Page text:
“My group was awesome! We prided ourselves on being loved by the instructors. There was a lot of bonding through the intense practical exams and I still keep in contact with some of the girls from my program. I went into hair school like, ‘Oh, I’ve done an undergrad, this is going to be easy,’ but I’d be out in the hallways with the rest of them afterwards just exclaiming about how intense it was! It was a really great experience.”
It was during the Pro Hair’s Work Experience program that Eliza was introduced to Style Lab Headquarters, and by the time her internship had come to an end, they were already at a loss with what they’d do without her. They hired her on to their roster of independent stylists, and the four years she would go on to work there would inform the trajectory of her career.
“I love the idea of being independent and working for myself, but also within an environment of like-minded people that I could learn from. When I was thinking of opening a salon, I thought about getting a small studio by myself, but that didn’t appeal to me. I’ve always learned so much from working with other people. Style Lab totally opened my eyes to that and I feel really blessed to have only ever worked in chair rental salons. I run the structure here at Artel very similarly.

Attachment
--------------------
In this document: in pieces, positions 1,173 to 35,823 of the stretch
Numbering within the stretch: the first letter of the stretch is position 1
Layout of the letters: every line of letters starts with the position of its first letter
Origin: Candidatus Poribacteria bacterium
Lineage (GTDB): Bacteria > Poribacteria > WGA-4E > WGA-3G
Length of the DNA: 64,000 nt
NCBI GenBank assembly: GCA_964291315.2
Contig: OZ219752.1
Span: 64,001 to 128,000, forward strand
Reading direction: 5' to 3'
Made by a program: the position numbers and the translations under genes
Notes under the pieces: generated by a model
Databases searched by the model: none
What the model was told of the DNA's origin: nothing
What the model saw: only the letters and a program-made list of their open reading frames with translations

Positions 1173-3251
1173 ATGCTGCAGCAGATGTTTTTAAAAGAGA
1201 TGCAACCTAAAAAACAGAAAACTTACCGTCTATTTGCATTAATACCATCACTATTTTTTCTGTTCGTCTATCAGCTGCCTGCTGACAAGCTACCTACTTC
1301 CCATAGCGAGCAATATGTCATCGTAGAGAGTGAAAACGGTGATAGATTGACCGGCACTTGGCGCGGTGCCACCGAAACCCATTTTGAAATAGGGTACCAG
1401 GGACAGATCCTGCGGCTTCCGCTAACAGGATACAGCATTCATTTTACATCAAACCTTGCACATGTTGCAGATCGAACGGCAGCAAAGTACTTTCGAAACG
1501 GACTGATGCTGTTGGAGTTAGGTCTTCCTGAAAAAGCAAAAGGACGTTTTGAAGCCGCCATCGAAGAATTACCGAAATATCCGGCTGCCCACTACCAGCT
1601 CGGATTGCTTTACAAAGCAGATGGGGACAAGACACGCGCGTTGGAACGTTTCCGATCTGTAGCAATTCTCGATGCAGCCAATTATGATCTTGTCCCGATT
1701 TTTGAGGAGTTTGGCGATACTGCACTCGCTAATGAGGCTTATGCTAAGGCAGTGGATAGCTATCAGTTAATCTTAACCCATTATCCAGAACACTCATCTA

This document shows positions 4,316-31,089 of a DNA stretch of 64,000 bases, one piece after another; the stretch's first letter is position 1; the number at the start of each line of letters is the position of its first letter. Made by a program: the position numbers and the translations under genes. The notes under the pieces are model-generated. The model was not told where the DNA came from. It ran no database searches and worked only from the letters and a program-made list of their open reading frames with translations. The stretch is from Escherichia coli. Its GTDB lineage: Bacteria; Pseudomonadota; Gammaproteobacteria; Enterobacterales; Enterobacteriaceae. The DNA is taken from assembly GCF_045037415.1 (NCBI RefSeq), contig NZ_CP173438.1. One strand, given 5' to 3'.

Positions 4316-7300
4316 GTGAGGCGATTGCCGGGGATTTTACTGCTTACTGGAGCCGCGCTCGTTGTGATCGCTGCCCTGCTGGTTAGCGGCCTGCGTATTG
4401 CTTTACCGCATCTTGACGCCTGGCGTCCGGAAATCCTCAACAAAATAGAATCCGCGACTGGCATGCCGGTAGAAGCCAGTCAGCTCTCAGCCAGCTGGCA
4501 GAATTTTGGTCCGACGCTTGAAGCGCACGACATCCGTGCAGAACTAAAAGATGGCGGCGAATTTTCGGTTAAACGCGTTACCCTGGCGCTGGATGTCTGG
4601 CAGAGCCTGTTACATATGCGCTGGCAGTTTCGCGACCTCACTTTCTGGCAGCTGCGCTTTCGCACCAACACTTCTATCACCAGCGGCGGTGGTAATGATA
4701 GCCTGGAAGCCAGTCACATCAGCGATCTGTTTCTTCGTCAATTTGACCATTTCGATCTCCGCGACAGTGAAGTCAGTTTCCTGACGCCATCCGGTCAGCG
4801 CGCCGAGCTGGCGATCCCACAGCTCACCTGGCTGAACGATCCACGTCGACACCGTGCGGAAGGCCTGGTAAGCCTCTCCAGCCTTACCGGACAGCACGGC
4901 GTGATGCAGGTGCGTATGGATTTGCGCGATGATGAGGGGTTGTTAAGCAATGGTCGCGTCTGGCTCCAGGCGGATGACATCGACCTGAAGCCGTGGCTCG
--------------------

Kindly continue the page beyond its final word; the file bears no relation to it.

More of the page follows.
“One of the coolest things about being a chair rental stylist is that my clients have always had a direct connection to me – they’ll call me or text me on my cell, whether it’s to book an appointment or to joke back and forth about ridiculous hair photos. There’s never been a middle man. That that makes it really personal. It’s crazy – I actually still have some clients that first started coming to see me at the Blanche Macdonald salon. They have followed me all these years, from being a student dreaming of opening a salon to working at Style Lab and Beaute Salon to now opening my own salon in reality. I really feel that these clients have made the journey with me.”
Even with an appointment book brimming with eager salon clientele, Eliza still found the time to take on a side project; she and her lens-wielding power-couple-other are the team behind one-stop-shop personal photography collective Trendi Creative, which has been sassing-up and snapping Vancouver since 2012.
“It started as a life partnership; Rob was working in the film industry while we were dating and it was a really difficult lifestyle to pace, to have any kind of balance. We got married and literally two weeks later he quit his job. It was terrifying. But I thought, ‘I’ve been running a freelance business myself, so I know that we can do this.’ We came up with the concept of Trendi Creative on the flight to our honeymoon. We would be cross promoting each other.”
Launching Trendi Creative succeeded both in pushing the artists into new heights of awareness, and in whetting Eliza’s appetite for entrepreneurship. She wanted more of it, and with her ever-growing list of loyal fringe followers, she knew that her salon ownership aspirations were now within reach.